Effects of antiviral therapy in 112 child AIDS cases in Nanyang, Henan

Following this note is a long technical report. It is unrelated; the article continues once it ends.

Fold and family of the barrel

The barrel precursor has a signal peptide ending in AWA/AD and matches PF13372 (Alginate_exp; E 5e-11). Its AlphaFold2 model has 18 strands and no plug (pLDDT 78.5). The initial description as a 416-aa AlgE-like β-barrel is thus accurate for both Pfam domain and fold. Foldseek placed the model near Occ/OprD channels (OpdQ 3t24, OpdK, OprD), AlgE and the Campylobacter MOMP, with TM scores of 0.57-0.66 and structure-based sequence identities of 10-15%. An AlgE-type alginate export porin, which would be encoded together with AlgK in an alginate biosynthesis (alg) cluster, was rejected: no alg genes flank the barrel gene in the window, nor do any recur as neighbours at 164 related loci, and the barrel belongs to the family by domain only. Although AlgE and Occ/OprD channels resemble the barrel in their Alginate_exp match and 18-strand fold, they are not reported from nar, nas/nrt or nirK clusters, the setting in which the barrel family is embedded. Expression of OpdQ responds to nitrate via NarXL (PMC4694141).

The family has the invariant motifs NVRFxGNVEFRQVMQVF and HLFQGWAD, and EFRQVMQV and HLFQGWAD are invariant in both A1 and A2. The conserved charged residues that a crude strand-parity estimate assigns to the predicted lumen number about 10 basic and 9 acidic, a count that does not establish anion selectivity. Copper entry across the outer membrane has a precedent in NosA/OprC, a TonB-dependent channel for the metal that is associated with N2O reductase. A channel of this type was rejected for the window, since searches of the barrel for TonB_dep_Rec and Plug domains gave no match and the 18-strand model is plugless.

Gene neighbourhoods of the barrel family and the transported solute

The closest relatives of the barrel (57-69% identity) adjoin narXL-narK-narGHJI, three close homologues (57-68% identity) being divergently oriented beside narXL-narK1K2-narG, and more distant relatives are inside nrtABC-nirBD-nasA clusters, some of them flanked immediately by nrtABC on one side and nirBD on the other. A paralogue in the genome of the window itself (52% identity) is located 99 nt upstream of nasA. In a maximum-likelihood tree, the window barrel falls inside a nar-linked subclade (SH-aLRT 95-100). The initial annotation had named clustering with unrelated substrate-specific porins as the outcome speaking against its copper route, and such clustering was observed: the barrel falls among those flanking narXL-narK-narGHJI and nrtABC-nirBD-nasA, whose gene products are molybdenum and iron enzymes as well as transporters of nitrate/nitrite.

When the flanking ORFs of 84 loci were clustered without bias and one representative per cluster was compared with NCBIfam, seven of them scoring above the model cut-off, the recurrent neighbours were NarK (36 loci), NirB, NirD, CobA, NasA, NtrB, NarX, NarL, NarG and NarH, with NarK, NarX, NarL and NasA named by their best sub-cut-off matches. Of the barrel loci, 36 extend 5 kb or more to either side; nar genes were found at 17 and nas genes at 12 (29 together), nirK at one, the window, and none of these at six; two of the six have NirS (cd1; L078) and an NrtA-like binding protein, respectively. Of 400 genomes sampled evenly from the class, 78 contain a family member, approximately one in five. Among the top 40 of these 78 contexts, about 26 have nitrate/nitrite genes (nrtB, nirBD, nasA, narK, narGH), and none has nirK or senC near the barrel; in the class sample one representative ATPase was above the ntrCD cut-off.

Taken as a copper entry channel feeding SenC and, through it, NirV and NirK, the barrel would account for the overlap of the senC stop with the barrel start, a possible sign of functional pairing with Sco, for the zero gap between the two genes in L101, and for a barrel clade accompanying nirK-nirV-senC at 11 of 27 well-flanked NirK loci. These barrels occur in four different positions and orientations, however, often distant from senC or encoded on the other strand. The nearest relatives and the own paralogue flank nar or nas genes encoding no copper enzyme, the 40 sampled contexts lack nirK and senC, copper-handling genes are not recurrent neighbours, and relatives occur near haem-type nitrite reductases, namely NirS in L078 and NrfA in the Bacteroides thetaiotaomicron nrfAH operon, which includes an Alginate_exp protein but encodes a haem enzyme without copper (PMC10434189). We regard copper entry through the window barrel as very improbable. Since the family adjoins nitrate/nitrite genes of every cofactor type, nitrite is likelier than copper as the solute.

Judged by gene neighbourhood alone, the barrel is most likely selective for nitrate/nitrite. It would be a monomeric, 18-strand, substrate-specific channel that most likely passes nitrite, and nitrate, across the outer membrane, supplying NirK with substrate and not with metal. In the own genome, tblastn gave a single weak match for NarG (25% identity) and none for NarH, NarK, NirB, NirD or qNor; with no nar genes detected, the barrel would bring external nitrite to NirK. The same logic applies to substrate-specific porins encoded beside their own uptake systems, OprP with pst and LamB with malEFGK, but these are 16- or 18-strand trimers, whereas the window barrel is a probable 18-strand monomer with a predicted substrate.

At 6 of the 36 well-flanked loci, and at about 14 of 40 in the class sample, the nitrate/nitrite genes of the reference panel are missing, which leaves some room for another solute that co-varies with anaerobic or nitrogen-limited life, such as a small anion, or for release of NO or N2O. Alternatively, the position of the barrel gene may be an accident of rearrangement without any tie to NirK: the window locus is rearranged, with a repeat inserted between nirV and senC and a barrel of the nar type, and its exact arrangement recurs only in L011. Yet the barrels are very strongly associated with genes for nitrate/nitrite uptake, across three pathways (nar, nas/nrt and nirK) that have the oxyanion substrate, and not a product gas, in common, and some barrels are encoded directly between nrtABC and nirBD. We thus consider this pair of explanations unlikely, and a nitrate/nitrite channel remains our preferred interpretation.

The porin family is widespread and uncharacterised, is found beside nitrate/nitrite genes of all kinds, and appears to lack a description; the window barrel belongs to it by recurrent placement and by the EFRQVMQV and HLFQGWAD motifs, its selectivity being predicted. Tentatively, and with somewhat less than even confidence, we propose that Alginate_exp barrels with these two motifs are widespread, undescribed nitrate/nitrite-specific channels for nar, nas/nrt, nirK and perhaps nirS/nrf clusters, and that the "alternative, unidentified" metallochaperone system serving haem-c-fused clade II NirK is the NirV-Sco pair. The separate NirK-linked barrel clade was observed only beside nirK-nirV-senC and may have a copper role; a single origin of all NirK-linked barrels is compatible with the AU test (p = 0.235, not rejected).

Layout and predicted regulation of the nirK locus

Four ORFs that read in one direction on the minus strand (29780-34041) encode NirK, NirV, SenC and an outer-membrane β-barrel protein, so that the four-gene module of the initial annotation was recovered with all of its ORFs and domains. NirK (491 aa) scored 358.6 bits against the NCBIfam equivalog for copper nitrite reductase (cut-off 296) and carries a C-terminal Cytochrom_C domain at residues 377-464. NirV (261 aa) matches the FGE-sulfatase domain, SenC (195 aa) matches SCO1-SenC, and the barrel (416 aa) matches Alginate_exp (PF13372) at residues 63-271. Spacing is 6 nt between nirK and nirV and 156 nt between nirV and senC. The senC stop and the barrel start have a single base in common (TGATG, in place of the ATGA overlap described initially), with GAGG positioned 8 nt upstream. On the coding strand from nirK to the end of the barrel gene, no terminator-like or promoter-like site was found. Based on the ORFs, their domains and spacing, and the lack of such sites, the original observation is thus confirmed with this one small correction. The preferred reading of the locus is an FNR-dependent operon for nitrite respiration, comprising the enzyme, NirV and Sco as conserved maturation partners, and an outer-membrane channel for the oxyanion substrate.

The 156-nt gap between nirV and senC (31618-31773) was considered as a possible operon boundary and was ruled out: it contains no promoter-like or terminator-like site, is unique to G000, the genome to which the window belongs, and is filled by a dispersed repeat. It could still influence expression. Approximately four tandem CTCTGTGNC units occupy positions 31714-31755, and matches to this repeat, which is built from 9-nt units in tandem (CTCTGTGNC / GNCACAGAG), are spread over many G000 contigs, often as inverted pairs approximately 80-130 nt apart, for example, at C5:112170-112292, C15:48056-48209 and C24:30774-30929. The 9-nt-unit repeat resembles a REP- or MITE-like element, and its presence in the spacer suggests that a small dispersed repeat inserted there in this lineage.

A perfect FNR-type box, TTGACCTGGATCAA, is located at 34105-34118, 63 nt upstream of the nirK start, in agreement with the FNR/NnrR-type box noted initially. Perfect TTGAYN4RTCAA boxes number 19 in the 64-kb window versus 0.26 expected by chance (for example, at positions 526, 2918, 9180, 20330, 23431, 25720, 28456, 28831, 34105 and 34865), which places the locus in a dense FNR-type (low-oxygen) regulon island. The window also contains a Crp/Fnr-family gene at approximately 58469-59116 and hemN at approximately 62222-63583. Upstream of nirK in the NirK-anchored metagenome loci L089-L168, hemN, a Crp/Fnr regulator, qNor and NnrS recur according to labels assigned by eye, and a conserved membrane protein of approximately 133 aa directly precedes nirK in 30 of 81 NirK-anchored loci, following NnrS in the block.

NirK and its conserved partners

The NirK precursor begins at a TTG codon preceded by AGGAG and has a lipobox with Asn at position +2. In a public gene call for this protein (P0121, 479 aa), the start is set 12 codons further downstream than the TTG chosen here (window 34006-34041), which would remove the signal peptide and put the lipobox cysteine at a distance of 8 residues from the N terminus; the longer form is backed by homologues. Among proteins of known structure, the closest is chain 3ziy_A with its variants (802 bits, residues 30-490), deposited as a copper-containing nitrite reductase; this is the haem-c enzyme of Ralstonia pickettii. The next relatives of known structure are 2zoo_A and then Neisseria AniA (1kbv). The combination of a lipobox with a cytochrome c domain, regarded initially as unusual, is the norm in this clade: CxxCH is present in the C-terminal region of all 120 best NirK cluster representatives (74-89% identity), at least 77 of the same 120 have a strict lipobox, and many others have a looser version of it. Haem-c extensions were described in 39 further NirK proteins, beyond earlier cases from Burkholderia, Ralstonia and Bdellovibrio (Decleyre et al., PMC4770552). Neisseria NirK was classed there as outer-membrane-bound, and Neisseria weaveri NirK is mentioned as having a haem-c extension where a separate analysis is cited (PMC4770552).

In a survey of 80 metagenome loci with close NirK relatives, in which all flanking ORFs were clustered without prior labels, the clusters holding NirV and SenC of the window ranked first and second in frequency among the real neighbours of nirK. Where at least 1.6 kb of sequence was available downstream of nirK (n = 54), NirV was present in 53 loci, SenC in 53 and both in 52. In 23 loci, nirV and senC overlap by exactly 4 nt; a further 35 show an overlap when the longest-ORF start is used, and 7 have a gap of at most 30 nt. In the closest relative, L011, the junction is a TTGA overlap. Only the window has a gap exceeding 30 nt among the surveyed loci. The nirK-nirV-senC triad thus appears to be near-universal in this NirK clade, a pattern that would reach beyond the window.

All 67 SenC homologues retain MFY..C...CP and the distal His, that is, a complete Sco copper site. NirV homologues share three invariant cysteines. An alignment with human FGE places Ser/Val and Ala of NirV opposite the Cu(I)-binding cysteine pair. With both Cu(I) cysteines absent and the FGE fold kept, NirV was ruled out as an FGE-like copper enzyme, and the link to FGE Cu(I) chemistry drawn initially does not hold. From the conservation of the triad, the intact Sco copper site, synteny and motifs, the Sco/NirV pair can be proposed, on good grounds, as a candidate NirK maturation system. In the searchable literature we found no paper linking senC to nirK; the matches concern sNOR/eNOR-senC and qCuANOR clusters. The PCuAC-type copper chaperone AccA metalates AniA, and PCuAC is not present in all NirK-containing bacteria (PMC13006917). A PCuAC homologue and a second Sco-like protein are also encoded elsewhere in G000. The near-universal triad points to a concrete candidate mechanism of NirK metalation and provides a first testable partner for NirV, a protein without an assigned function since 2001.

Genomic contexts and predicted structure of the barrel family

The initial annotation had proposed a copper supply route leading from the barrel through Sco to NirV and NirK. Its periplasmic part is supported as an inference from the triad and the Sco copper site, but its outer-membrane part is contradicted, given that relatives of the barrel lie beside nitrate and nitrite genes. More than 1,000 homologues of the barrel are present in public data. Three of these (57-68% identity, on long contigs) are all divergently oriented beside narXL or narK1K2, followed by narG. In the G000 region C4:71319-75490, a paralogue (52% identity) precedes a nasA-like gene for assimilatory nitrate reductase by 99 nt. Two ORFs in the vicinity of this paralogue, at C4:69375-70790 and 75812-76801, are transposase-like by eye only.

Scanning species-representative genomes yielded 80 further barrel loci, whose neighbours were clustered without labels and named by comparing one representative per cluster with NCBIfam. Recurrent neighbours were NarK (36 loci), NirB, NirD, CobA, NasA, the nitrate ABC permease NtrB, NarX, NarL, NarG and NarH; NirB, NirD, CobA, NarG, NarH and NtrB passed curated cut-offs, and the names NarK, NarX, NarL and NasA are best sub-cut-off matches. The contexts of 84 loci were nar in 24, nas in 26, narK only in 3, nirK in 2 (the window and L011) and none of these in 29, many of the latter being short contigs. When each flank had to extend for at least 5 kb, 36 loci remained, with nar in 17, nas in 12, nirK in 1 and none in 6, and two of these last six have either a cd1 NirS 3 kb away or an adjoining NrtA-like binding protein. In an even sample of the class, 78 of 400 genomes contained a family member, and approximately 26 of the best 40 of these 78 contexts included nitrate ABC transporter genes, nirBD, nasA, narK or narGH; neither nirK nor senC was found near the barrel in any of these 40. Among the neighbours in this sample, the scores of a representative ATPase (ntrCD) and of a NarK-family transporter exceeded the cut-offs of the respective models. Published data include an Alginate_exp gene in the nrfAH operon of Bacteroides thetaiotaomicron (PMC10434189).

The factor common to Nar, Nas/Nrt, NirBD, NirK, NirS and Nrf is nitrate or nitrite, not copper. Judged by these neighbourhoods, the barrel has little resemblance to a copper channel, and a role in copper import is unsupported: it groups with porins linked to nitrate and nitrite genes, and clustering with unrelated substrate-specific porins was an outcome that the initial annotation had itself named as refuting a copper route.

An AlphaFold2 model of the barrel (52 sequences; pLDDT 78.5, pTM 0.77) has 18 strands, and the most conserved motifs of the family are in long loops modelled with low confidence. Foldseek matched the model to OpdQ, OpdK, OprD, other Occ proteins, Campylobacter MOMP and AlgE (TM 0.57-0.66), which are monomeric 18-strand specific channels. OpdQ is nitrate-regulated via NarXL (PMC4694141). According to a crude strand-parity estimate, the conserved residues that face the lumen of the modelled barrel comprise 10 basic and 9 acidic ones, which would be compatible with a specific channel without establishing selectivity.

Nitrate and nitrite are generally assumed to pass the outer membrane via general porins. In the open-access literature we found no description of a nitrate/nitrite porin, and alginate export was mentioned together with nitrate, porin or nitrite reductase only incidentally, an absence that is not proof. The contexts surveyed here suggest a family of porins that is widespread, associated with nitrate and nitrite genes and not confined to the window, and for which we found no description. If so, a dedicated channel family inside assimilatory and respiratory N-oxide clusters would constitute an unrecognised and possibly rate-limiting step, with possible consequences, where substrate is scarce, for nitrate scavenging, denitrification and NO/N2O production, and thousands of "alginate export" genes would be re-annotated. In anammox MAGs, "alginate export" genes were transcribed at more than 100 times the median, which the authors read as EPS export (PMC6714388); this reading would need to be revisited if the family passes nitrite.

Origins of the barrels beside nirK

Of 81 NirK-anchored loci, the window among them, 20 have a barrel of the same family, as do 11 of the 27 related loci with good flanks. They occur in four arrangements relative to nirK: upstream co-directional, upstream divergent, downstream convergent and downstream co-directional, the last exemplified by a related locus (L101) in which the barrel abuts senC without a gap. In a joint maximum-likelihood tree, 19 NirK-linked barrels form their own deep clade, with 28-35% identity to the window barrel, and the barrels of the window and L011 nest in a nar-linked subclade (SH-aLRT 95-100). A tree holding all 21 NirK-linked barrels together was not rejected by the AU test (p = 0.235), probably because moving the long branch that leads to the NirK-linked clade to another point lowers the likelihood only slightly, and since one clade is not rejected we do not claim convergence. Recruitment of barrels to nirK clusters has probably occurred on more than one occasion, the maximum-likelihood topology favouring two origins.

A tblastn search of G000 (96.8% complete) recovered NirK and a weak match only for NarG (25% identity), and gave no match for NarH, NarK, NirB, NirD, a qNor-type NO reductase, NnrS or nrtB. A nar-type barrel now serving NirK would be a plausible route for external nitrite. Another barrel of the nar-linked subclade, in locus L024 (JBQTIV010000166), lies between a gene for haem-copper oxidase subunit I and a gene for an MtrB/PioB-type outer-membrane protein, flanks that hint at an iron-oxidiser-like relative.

Abstract:Objective To understand the effects of antiviral therapy in children with AIDS in Nanyang, Henan province, and provide evidence for the standard treatment and management of AIDS in children. Methods A retrospective cohort study method was used to conduct a descriptive analysis on the main epidemiological characteristics, treatments, laboratory tests, and deaths of child AIDS cases included in the AIDS comprehensive prevention and treatment information system in Nanyang from 2011 to 2019 and evaluate the effects of antiviral therapy. Results In 112 child AIDS cases, 26 were fatal. The median of time from the beginning of the treatment to the observation end was 4.83 (1.67 to 6.86) years. The average age of cases at the beginning of treatment was (7.12±3.54) years. The CD4＋T lymphocyte count of 1 year, 3 years and 5 years after treatment were significantly higher than the treatment baseline, the difference was significant (P<0.01), but the CD4 count showed a downward trend after more than 5 years of treatment, and there was no significant difference compared with the baseline (P>0.05). The viral load suppression ratios were 90.53%, 90.80%, 84.15%, 75.95%, and 67.50% in the 1st, 3rd, 5th, 7th, and 9th years after treatment, respectively, showing a downward trend, and the difference in viral load suppression ratio was significant between the 7th or 9th years and the 1st year (P<0.05). The causes of the deaths were as follows: AIDS-related disease (21 cases, 80.77%), and accidental death (5 cases, 19.23%). The average interval between diagnosis and death was (2.68 ± 2.46) years, and the death rate within 1 year of treatment was 46.75/100 person year. Conclusion Late diagnosis of AIDS in children was a prominent problem in Nanyang, and the mortality in the early stage of treatment was high. After more than 5 years of antiviral therapy, the virological and immunological effects had downward trends. Measures should be taken for the early detection and early treatment of HIV/AIDS in children.